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    I'm a royalist, not joining in this argument though.
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    (Original post by nasht)
    brits should be proud of the royal family.. when princess diana died, it caused a great stirr throughout the world.. and why? because she was royalty. Most countries know britain for their kings and queens and that is a sort of identity.
    The mournful response from the world was largely because of Princess Diana's renowned character as a philanthropist and high-profile charity worker, not her role as a *former* member of the Royal Family. She did lose the title 'Princess' when she divorced Prince Charles, didn't she?
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    (Original post by zaf1986)

    I know perfectly well how the system works, that doesn't make it acceptable. Can either of you debate without patronising and personal attacks? Or is it because you're running out of arguments? I wonder....:rolleyes:
    Well I regard your previous comments to me as quite patronising, so I reserve the right to do so to you. Being a tad hypo-critical, are we?

    Anyway, you asked me why the Queen was the guarranteer of democracy in the nation. If you knew as much about the constitution as you claim to, then despite being a republican you can surely see why the queen is the guarranteer of our liberties and democracy?
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    Some aspects of power are not exercised by people.
    therefore Undemocratic.

    A syllogism? If all power was exercised by the people it would be an Oclocracy not a democracy. We do not elect the ministers, the military chiefs, our representatives abroad, our civil servants. We do not vote on legislation, we do not appoint the Lords. All these things could equally be called undemocratic but for some reason you single out the monarchy. Nobody said in a democracy ALL aspects of government should be decided by the people. In democracy we elect people to represent us, we do not tell them how to do their job. Our role in the process ends at the ballot, after that they act on their own discretion.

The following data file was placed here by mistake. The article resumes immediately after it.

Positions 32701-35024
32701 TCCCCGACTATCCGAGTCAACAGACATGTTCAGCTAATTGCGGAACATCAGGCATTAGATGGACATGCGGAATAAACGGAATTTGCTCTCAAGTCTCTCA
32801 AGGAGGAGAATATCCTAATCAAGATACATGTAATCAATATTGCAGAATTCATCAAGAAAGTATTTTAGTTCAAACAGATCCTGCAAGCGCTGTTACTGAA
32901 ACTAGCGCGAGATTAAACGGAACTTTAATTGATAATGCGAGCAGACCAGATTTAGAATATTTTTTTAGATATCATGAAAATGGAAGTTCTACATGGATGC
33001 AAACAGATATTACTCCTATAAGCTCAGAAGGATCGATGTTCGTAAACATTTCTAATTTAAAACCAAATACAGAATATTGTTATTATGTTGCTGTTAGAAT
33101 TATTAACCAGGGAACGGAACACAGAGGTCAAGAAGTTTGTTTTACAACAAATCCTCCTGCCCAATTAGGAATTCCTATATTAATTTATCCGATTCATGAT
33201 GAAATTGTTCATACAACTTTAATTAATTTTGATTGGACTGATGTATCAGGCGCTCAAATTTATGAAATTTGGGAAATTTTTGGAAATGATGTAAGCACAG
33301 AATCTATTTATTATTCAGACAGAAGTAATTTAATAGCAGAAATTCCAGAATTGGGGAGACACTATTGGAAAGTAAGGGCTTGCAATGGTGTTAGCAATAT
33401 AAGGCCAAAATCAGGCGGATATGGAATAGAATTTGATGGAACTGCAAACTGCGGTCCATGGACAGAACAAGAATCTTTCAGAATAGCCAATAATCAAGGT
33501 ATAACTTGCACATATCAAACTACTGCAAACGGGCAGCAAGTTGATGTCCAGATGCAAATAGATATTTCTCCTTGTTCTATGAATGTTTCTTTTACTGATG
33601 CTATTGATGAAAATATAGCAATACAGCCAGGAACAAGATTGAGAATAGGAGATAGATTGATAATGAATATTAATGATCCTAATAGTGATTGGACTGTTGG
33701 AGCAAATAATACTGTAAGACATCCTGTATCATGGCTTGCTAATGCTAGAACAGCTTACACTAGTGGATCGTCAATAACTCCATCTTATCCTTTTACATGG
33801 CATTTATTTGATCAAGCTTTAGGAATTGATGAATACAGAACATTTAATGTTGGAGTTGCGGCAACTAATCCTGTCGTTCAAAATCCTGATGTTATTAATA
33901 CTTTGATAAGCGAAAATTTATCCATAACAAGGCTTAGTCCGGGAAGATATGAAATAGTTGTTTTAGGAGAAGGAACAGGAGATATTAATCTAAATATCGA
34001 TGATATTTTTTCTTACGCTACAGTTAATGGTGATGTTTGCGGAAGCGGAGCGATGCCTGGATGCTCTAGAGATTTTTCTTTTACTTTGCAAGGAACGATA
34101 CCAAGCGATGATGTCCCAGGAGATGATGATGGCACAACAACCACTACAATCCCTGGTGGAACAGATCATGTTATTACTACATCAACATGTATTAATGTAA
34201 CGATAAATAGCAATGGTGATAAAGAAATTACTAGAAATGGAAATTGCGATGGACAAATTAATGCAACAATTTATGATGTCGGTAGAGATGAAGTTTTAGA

This is the problem Thermo, you are not answering the questions I am asking you. I acknowledge your argument that the monarch is undemocratic (but the difference is I believe she can still represent our interests and does), but you are refusing to acknowledge the truth in my assertion that our country is democratic even though we have a monarchy because we are governed by an elected prime minister through an elected parliament. Saying we are undemocratic is plainly self defeating considering we have recently come out of a general election. Thermo, this could be a good debate but it won't work if you ignore all the things I asked you to comment on and if you refuse to answer the questions I asked.



    You are avoiding those questions I asked. Please answer them because I am genuinely interested in what solutions an anti-monarchist might propose to those questions.
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    Please read and comment on this Thermo and Zaf I posted it but you ignored my invitation for you to comment. This is not my own work it is cut and paste. There is nothing wrong with using external sources for an argument so it would be unfair of you to attack me on that: